I am going to put in a plea on behalf of forest. Although forest is extremely flexible and powerful, it can also be used very simply. Like qtree, it uses a simple, concise syntax which 'reads like a tree' but I found forest's syntax a bit easier to learn. (However, this may be because I learnt qtree first.) Like tikz-qtree, it gives you all the power of TikZ but, unlike qtree, you do not have to change packages in order to use that power as forest is already using TikZ underneath. Moreover, in addition to all the power of TikZ, you have all the power of forest itself. And that is very significant: powerful, specialised support for drawing trees of all kinds, manually, automatically and/or dynamically. Take a look at examples on this site for a sense of the possibilities.

For simple trees, however, forest is very simple.

Here is a forest version of the code for the tree posted in Antal S-Z's answer.

\documentclass[tikz,border=10pt]{standalone}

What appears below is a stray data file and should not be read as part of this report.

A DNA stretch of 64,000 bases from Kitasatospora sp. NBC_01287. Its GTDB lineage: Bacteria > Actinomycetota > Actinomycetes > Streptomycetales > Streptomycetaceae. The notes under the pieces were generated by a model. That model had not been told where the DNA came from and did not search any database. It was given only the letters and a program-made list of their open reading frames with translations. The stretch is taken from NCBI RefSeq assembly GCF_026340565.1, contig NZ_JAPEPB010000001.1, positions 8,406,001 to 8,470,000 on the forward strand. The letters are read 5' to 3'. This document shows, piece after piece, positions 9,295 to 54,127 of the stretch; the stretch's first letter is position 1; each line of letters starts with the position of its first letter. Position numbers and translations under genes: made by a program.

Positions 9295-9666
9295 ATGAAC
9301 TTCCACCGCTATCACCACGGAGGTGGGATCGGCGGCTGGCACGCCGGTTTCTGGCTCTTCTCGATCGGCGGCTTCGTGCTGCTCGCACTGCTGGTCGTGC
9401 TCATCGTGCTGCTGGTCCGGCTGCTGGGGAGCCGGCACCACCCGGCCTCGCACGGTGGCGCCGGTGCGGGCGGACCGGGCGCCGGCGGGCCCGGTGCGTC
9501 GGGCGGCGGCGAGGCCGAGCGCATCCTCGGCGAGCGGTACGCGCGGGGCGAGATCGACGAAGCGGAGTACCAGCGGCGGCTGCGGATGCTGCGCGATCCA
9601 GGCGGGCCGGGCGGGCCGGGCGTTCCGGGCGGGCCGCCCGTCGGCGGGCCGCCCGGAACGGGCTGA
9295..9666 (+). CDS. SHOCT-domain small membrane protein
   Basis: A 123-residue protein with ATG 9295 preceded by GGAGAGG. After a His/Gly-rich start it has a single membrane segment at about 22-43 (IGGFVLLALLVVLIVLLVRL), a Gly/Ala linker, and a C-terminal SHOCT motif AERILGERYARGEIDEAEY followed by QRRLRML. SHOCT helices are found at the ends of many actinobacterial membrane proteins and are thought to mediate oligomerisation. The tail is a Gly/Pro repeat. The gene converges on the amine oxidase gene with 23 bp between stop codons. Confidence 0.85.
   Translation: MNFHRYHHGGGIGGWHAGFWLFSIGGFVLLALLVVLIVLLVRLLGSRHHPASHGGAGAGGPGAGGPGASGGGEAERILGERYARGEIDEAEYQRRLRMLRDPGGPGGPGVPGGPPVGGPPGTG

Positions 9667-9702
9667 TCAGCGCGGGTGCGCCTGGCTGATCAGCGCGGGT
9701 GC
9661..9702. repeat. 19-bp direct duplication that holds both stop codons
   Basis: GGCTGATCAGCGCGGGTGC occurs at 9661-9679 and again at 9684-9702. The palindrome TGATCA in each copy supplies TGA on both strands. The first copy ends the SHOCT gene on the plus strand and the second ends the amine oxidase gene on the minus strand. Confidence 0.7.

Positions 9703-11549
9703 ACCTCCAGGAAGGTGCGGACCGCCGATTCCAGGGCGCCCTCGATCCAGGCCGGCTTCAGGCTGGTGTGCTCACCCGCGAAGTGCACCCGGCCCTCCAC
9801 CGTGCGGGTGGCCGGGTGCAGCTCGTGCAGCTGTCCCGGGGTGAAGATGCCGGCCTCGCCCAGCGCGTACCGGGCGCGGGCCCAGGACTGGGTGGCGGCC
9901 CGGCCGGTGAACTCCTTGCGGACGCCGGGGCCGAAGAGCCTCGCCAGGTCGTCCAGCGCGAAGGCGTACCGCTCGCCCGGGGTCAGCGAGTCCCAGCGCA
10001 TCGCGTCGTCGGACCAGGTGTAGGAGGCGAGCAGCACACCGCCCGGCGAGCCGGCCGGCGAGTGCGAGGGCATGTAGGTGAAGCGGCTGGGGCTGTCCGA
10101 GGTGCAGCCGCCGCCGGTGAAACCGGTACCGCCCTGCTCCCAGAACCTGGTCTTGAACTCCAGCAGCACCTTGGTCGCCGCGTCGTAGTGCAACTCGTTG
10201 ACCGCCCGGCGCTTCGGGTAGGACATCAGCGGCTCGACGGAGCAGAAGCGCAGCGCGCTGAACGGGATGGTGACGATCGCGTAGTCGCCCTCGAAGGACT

\usepackage{forest}
\begin{document}
\begin{forest}
  [IP
    [NP
     [Det
       [\textit{the}]
     ]
     [N$'$
       [N
         [\textit{package}]
       ]
     ]
    ]
    [I$'$
      [I
        [\textsc{3sg.Pres}
        ]
      ]
      [VP
        [V$'$
          [V
            [\textit{is}]
          ]
          [AP
            [Deg
              [\textit{extremely}]
            ]
            [A$'$
              [A
                [\textit{straightforward}]
              ]
              [CP
                [\textit{to wield}, triangle]
              ]
            ]
          ]
        ]
      ]
    ]
  ]
\end{forest}
\end{document}

The basic idea is that every node in the tree is enclosed in square brackets. The node's subtree is included in the same brackets, if it has one.